B. Gaunt "beng_uk" (London UK) - See all my reviews
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This book has it all, it describes all the nationalities that fought in the war. The reasons why it happened, what happen in the war and even what happened once peace returned.
It has a lot of information on the British and other European units that fought in the war (though it is pointed out that American?s defiantly supplied most of the troops).
Nothing in held back when describing some of the battles that took place, and the accounts of the battle on the Imjin by the Gloucester?s is breathtaking.
Its interesting to read this book as it points out a lot of the flaws that the great nations had at the time with fighting in the east. And why many European nations later on would not supply troops for the Vietnam war, even if they did understand what America was trying to do in Vietnam.
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3 of 3 people found the following review helpful
4.0 out of 5 stars Complete story of a forgotten war, 6 Nov. 2012
By 
Ramon Dominguez (Barcelona, Spain) - See all my reviews
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This review is from: The Korean War (Pan Military Classics) (Paperback)
A very comprehensive review of a distant, and for most, a forgotten war. Not only focused on the beginning of the war, but a complete story of the whole war with good detail of the participation of Great Britain troops, sometimes forgotten by american scholars.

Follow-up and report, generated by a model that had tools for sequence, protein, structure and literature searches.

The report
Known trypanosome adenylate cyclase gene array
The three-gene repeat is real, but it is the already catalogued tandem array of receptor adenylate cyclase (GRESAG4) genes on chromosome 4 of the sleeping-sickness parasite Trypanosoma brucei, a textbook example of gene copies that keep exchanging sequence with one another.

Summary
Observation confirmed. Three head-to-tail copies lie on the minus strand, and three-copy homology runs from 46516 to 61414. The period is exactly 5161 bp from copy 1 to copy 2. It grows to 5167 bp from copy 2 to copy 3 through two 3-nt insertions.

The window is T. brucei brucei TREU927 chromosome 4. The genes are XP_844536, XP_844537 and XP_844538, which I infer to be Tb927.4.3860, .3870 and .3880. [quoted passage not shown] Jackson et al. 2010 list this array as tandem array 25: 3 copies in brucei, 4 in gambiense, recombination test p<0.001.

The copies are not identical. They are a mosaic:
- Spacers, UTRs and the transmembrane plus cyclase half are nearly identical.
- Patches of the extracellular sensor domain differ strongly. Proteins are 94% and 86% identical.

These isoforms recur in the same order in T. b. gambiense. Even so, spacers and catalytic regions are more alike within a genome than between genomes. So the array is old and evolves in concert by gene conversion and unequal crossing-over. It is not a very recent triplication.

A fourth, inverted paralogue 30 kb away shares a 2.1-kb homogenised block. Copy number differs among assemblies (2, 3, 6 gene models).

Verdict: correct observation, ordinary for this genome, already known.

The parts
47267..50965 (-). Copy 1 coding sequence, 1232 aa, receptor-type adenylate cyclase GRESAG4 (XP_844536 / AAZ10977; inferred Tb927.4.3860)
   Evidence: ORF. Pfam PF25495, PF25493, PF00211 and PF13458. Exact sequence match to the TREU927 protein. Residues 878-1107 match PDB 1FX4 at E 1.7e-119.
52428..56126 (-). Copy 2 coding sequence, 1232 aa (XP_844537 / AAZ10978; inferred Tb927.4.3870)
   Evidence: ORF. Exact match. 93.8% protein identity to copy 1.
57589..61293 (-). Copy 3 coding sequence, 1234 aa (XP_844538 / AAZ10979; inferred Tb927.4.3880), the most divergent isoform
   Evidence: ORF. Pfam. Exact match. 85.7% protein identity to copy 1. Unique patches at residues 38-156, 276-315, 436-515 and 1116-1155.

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1 of 1 people found the following review helpful
4.0 out of 5 stars The Korean War, 3 April 2013
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This review is from: The Korean War (Pan Military Classics) (Paperback)
The typical Max Hastings' book, I mean a very detailed book based on first hand account and divided in three big parts: the origins ( as usual the Americans mistook which leader to support ); the war; the "peace" and its consequences.
Talikng about the war, the author dedicates a part of the book to the situation of the prisoners ( the comunists tried to convert them and to use them for propaganda or for spying ), to the intelligence war and to the battle of the air (where the American superiority reached its maximum very soon).
The book is very deep and the author is not ashamed to talk openly about the unpreparedness manifested by the UN troops in several occasions.
A good book about the Korean War
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The Korean War (Pan Military Classics)
The Korean War (Pan Military Classics) by Max Hastings (Paperback - 17 Sept. 2010)